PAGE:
DA says he will try to protect business -- but also get man help he needs
BEND, Ore (KTVZ) --Mike Leib says the man who lives at a homeless camp behind his business has been trespassing on his property and threatening his employees.
He said Thursday he’s called the police several times, to try get the man to stop, but he’s starting to run out of options.
“He’s been increasingly combative with my staff at the store,” Leib said.
The three-year general manager at Precision Body and Paint told NewsChannel 21 he knows the man and has had some conversations with him.
But Leib said the incidents have increased over the past few weeks.
“He’ll have some mental breaks, and he’ll show up on my front driveway screaming and yelling, threatening to kill us, threatening to stab my employees," Leib said.
"He’s called us Satanists and a bunch of other words your can’t really say on camera.”
Leib said he is worried for his employees' safety and well-being.
“It’s scaring them,” Leib said. “We worry about in the darkness if he comes running around our gate at night. I don’t want one of our employees to be hurt.”
Leib said he's called police several times, including after an incident last Thursday, when he caught the man throwing a rock at his building.
Police issued the man a citation, then let him go.
Deschutes County District Attorney John Hummel said he will be reviewing all of the cases involving the man.
“It’s good that the business owner called me,” Hummel said. “There’s a chance that if he didn’t, these cases would have been viewed individually.”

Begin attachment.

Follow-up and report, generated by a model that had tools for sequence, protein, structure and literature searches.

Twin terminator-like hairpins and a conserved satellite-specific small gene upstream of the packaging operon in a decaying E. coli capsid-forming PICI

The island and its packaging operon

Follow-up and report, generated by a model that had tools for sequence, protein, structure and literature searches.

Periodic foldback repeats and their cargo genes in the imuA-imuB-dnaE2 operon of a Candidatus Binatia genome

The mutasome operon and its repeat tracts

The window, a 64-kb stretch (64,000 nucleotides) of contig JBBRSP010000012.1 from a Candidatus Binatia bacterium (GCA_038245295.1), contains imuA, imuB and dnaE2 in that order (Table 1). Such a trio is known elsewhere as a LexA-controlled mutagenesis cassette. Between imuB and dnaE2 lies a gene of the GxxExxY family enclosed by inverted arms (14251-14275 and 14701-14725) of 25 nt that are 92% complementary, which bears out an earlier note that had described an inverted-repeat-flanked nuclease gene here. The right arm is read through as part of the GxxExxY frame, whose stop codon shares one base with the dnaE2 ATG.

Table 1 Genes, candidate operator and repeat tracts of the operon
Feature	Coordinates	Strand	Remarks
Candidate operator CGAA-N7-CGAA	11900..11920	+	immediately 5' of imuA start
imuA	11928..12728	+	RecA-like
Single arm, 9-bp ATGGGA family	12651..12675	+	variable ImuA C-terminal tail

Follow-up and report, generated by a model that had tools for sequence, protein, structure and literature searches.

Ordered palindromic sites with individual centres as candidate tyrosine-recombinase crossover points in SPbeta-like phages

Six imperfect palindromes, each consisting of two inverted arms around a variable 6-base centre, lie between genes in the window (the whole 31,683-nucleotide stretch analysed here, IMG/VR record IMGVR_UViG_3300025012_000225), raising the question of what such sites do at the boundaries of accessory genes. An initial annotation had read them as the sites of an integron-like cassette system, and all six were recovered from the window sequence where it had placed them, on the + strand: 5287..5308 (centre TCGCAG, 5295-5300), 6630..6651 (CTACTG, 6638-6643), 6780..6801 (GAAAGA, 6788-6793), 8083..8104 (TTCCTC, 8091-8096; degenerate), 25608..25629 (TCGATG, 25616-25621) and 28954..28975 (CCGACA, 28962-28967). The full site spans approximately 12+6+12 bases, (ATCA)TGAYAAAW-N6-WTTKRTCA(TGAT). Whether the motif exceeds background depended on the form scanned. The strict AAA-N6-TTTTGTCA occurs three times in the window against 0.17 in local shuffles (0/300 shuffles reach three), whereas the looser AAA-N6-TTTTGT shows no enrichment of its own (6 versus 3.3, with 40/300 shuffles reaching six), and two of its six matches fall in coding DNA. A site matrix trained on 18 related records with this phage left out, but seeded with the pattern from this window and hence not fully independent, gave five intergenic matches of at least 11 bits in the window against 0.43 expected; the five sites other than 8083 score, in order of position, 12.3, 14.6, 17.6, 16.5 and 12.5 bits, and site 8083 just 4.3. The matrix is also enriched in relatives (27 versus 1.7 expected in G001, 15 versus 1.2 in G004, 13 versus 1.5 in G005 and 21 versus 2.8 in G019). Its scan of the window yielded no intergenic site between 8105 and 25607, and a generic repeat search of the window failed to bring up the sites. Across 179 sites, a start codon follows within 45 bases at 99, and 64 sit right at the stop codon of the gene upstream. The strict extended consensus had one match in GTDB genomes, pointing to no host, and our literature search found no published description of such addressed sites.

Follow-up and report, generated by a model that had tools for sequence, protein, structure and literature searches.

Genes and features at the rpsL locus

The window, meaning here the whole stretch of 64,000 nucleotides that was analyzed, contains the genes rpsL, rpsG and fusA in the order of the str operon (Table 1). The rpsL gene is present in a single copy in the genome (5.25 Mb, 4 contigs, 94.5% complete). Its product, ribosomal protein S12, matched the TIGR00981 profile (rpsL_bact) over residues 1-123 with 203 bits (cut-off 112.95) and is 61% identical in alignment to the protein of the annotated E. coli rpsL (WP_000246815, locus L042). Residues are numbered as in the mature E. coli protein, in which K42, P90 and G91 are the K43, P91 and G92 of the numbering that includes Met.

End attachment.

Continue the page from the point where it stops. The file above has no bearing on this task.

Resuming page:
Hummel emphasized he will try his best to protect local businesses, while also helping the homeless man get the help he needs.
“You could put him in jail, sure," he said. "But if the person gets out, and they have not gotten the help for their challenges, we’re going to be right back where we began.”
Holly Harris, program manager with Deschutes County Behavioral Health, said there are many programs and approaches available to business owners dealing with similar issues.
While she laid out many options, from police involvement to a visit to the county's new Stabilization Center, she stressed patience, even in such difficult, even frightening situations.
“I think the important thing to remember is that it’s not a simple solution, and it often takes a lot of patience,” Harris said. “But I would just recommend that they reach out for support to the professionals that are doing this work, so that we can share with them all the resources that might be available.”
Morgan Miller, a midwife at the Bend Birth Center, located behind Precision Body and Paint and the homeless camp, said the man hasn’t trespassed on their property or bothered them.
“I think the gentleman that’s there now is a different one that’s been there in the past," Miller said. "But I think it’s a location that people have found safety in, so it rotates who’s there at a time.”
“But for the most part, people keep to themselves, and they’re just trying to get by,” she added.
Leib said he has no issue with the man’s presence. He just wants him to leave his business alone.
“You know, I understand -- everybody has a right to live,” Leib said.
“But when somebody is suffering from either drug dependency or mental health, I don’t believe that everybody that is abiding by the law should pay the price.”